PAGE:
Cataract Surgery

Cataract Surgery

What Is It?

“A cataract is a clouding of the lens within the eye. The lens is just behind the coloured Iris and pupil. It helps bring any light coming into the eye into focus. This gives a clear image or picture to the layer at the back of the eye called the retina. The lens is normally transparent and clear. Some loss of clarity may be normal or unimportant. When clouding is more marked, it interferes with vision. Patients notice blurring of objects and a loss of brightness in colors. Often reading vision is more affected than distance vision.”

What Does Treatment Involve?

“The only effective treatment of a cataract is surgical removal of the lens. The operation may be done under local or general anaesthetic. Local anaesthesia involves an injection of anaesthetic into the eyelid area and this is generally well tolerated and often completely pain free. Day case patients go home the same day but are asked to return the following day to be examined. The procedure itseld involves the removing the lens and usually replacing it with a plastic lens implant, There are various techniques. Basically the eye is opened where the coloured iris changes to the white of the eye. This incision allows the envelope of the the lens to be cut. Then the lens is removed, leaving the back surface of the envelope of the lens to be cut. Onto this surface the new plastic lens is implanted. Finally the cut opening into the eye is stitched with a very fine material that does not dissolve.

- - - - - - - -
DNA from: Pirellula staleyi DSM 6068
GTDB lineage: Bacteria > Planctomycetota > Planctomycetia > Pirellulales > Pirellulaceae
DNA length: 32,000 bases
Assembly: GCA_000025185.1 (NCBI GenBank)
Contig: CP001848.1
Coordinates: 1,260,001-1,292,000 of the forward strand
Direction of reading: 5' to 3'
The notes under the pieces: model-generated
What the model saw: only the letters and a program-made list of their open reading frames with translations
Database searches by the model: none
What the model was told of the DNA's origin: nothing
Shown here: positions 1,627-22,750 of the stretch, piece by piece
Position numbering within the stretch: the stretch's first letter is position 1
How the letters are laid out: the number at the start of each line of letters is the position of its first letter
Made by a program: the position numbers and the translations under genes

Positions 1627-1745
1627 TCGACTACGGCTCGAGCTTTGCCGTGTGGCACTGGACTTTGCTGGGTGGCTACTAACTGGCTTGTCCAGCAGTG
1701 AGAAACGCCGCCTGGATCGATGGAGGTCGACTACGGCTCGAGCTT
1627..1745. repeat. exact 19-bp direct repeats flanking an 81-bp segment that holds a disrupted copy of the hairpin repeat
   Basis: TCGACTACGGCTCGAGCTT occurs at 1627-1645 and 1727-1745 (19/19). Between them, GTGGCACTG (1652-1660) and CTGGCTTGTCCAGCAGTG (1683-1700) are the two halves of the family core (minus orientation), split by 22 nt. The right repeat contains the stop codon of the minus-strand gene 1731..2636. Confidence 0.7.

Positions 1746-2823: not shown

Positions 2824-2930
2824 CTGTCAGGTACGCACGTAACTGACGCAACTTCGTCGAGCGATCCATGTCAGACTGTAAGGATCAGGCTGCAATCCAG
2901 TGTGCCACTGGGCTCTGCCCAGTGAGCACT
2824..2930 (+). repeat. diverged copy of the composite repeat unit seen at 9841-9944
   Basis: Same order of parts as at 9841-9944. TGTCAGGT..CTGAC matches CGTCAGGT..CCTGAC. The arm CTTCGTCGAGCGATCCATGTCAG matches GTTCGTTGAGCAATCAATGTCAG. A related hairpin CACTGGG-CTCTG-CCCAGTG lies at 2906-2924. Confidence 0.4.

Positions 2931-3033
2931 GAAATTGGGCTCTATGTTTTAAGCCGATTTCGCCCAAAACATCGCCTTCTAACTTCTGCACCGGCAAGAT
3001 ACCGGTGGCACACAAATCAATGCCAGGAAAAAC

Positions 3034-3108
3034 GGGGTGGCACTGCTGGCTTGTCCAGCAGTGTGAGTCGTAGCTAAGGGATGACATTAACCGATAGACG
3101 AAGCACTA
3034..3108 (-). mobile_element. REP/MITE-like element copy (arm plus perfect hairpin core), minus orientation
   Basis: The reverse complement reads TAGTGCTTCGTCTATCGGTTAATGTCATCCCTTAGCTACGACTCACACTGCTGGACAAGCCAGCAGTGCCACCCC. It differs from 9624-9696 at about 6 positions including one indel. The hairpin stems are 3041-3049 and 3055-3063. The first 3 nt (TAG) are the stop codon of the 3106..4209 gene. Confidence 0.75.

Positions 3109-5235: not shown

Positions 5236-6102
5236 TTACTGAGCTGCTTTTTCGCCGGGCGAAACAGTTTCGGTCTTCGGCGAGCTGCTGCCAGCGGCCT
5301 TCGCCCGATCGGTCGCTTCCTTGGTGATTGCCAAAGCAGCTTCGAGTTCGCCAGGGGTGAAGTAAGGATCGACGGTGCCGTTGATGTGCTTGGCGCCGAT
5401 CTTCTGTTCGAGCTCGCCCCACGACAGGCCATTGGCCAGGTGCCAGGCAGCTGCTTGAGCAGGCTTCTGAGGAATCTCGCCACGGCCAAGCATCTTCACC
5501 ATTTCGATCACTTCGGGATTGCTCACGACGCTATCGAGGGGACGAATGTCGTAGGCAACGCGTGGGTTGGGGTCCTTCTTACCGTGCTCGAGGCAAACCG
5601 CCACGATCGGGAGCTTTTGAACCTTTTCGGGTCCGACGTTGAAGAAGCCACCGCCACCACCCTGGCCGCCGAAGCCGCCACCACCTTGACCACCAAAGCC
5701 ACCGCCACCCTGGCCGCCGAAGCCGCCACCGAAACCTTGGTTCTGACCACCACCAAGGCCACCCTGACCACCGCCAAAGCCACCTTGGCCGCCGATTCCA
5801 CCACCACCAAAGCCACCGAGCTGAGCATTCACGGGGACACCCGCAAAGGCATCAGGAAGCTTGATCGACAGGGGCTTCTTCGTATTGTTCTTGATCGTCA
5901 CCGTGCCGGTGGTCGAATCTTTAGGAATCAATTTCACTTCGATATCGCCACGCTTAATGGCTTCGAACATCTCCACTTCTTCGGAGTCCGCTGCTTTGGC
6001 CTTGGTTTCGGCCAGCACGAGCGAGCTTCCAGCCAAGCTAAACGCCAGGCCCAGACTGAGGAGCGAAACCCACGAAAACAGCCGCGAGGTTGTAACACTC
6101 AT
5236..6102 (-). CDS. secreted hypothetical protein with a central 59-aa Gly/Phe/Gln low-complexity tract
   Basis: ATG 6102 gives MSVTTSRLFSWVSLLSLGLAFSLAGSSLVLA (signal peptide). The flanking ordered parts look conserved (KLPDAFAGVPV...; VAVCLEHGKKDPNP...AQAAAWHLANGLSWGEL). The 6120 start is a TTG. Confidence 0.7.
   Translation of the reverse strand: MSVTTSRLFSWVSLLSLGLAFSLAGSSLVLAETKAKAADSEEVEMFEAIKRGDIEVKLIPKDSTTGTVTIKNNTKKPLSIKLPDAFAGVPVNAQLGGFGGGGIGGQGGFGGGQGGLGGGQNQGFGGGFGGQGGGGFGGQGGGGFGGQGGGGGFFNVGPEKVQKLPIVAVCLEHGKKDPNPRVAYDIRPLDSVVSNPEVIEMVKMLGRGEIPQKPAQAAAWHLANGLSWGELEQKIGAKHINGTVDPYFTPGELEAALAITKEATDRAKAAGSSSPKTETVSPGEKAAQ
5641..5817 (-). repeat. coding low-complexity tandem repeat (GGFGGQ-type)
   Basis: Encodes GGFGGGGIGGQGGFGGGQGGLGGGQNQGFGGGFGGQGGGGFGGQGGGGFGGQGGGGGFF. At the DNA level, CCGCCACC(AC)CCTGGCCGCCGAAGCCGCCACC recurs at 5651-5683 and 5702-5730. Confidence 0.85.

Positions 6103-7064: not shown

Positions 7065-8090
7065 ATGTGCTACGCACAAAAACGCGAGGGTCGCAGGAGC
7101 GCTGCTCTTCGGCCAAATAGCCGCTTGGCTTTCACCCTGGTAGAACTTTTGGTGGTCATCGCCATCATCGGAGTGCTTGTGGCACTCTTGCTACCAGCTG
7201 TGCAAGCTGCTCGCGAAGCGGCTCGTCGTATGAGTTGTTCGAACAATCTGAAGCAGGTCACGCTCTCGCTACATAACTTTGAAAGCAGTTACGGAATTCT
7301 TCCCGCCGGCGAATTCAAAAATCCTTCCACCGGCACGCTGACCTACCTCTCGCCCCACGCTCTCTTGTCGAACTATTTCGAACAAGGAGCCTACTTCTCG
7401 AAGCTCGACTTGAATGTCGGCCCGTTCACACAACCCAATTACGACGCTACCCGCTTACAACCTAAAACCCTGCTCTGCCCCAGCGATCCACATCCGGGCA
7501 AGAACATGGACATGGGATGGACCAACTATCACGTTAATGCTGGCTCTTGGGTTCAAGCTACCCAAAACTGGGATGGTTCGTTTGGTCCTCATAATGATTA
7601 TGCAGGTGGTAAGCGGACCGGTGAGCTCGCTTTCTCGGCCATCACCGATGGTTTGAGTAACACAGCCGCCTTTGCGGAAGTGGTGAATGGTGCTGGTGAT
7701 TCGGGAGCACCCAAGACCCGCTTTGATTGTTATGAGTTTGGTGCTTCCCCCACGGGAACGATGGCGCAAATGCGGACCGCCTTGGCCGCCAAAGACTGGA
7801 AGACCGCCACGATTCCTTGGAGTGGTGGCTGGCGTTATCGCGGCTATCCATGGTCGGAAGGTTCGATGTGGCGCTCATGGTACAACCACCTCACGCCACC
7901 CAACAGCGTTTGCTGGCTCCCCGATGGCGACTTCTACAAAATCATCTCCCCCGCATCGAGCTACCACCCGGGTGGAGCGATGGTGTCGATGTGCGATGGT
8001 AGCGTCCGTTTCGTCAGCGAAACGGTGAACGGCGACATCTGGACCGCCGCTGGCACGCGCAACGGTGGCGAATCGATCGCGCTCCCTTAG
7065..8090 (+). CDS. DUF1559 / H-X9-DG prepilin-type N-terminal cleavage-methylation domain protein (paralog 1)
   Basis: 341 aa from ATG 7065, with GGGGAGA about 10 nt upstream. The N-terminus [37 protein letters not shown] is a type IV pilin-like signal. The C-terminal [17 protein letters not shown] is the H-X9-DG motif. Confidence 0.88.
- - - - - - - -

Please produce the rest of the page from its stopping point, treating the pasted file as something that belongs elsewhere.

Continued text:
A newer technique called phaco-emulsification uses and ultrasound tip to remove the cataract through a small incision. A smaller or folding lens implant is used and stitching may not be required. A microscope is used for this operation as it is so delicate and precise.”

What Would Happen If It Was Not Treated?

“Left untreated, a cataract worsens and may make the eye completely blind. In a few patients it may over-ripen (become over-mature). Then it can cause inflammation in the eye or swell up with fluid. Problems of this sought can make pressure in the eye to high, and cause discomfort. Permanent damage can also be done to the optic nerve coming into the eye causing irreversible blindness.”

(as provided by) Mr. N. A. Jacobs FRCOpth consultant surgeon
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